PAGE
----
Dr. Pooja Agarwal, leading expert in retrieval practice and the science of learning, led a discussion to encourage education professionals to consider the concept of retrieval practice in their tech products and curriculums.
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“What did you have for breakfast yesterday?” “What is your least favorite ice cream flavor?” What initially seemed to be trivial questions to the crowd of experienced teachers, education researchers, and edtech professionals at LearnLaunch last Wednesday was shown to be a powerful tool for teaching and learning.
Dr. Pooja Agarwal, professor of cognitive science at the Berklee School of Music and Vanderbilt University, led a session on the science of learning, presenting research-backed techniques like retrieval practice, interleaving, feedback, and spacing that can help every learner store and recall information.
Retrieval practice, put simply, is a learning strategy that improves long-term memory through the retrieval of information. This can be done a number of different ways, such as using clickers, pen and pencil, or on dry-erase boards. These methods not only both engages students and encourages them to recall information, but it also improves their learning.
A cool thing about retrieval practice is that we’re already using it every day in the classroom: almost all educators are giving their students exams, quizzes, or homework. Some audience members expressed concern with the effect of feedback from the retrieval practice strategy would have on a student’s testing anxiety. Dr. Agarwal alleviated any concerns by stressing one of the main components of effective retrieval practice: that it is a no-stakes learning opportunity. Students focus on remembering information in a non-stressful and judgment-free environment, maximizing collaboration among peers, student engagement and expression, and the improvement on the student’s learning and memory skills.
The success of the retrieval practice method on student learning is due to how the brain works. The brain’s long-term memory can be practiced and improved like any other skill such as playing an instrument or a sport. Because of this, the retrieval practice strategy doesn’t have to be linked to a specific subject in order to be effective: whether you ask students to remember their least favorite ice cream flavor or the capital of Australia, it all helps improve their ability to recall information across a variety of subjects.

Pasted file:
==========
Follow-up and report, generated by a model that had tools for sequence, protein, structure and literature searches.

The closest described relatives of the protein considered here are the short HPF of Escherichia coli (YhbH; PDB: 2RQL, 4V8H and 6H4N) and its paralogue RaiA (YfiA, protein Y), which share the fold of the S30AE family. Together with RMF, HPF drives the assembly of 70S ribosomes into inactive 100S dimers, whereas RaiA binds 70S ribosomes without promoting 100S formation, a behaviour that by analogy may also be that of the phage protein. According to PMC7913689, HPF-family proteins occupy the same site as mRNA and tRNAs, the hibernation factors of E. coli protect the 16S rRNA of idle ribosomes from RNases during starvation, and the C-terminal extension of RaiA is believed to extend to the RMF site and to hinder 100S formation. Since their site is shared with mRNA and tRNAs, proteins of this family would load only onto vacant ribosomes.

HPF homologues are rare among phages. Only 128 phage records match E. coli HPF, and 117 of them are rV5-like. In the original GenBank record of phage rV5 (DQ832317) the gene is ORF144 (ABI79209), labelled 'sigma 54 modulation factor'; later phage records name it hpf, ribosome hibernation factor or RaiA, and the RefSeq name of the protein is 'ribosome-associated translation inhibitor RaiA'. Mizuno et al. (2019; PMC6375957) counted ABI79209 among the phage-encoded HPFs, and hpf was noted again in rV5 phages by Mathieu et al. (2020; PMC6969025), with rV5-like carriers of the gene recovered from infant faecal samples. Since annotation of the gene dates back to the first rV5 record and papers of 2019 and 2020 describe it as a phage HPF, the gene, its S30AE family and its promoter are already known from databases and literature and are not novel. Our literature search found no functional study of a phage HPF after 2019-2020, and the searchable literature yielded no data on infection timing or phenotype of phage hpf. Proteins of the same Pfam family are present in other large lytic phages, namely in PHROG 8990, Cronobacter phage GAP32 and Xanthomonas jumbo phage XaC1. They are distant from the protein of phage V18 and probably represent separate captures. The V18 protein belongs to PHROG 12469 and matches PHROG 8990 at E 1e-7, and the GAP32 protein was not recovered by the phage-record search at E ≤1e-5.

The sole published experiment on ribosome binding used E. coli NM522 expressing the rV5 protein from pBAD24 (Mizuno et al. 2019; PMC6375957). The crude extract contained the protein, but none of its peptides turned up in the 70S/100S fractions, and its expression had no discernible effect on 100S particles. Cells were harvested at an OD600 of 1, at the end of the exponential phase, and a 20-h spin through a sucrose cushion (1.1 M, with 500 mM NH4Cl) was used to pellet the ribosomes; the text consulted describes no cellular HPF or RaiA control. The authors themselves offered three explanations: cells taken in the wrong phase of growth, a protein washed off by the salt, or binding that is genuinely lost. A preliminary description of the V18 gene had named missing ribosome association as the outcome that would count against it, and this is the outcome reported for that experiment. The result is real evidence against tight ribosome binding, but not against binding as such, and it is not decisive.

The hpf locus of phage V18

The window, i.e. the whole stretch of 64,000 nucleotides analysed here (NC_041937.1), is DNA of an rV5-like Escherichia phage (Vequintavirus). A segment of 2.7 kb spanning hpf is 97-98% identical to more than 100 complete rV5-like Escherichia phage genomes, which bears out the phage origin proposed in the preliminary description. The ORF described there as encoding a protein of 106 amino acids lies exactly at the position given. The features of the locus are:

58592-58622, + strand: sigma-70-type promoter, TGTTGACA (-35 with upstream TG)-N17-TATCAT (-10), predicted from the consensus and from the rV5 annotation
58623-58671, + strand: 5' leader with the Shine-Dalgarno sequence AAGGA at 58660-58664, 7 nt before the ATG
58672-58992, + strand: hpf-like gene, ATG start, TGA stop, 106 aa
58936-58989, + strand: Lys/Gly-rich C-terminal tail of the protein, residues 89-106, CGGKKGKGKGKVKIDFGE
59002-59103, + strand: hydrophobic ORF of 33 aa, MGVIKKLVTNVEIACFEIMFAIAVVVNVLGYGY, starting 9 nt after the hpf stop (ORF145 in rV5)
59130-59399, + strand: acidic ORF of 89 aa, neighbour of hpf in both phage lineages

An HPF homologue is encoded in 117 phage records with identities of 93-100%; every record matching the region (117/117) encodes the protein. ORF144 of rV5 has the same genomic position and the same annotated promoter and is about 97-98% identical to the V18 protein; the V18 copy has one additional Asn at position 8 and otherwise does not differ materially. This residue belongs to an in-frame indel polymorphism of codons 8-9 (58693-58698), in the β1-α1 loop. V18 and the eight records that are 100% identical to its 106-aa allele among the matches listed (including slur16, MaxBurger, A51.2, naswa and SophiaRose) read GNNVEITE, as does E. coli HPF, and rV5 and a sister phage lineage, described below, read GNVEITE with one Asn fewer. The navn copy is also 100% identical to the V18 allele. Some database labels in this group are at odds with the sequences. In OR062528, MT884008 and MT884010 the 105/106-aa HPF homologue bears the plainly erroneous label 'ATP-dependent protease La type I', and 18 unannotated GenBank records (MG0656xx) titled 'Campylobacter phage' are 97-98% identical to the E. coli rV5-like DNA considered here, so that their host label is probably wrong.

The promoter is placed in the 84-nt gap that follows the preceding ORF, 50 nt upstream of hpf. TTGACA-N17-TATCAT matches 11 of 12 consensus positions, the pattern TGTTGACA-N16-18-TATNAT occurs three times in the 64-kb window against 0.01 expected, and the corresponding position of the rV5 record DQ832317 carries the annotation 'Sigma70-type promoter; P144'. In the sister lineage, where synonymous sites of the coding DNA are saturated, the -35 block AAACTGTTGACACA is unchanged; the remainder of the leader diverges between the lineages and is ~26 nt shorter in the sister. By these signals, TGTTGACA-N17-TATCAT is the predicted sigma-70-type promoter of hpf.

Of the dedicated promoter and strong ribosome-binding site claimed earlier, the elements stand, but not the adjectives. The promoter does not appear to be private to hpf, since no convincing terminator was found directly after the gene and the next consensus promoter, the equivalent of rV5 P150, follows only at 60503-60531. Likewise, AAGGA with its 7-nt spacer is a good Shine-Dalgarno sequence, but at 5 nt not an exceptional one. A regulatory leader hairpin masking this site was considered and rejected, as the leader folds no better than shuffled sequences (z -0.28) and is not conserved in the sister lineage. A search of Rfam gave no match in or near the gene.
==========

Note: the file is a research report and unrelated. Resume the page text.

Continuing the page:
One challenge to implementing retrieval practice successfully in the classroom is time: why should teachers spend precious class time on retrieval practice exercises when they could instead be teaching the next concept or chapter? Dr. Agarwal pointed out that, given the goal of helping students learn, these tools will actually save time in the long term by reducing the need for re-reading or re-teaching.
Other questions also arose from the audience from teachers who were contemplating how and if they would use the concept of retrieval practice in their curriculums. “How does retrieval practice account for differences in learning between students” and “How often does retrieval practice need to be spaced out to be effective?” were among some of the examples. You can check out Dr. Agarwal’s website on retrieval practice, www.retrievalpractice.org/learnlaunch, which goes more in depth about these questions and provides helpful guides on implementing it into the classroom.
So what’s next? Although the concept of retrieval practice is exciting and applicable, it isn’t anything revolutionary in terms of memory and learning research. But it can be instrumental in shifting the classroom learning experience from an input-focused to an output-focused mindset. “The research that my colleagues and I have done confirms that much of what educators already do improves learning,” Dr. Agarwal says. “We do have intuitive notions of how students learn, and there’s research to back it up. Because I do feel we spend a lot of time going through fads or picking up the next shiny object, and using it to teach as opposed to using some of the basic principles from the science of learning.”
Now that you’ve read about retrieval practice, you can practice it too: after you close this blog, take a moment to remember two things you learned about retrieval practice and memory.
Jamal Merritt is an intern at LearnLaunch.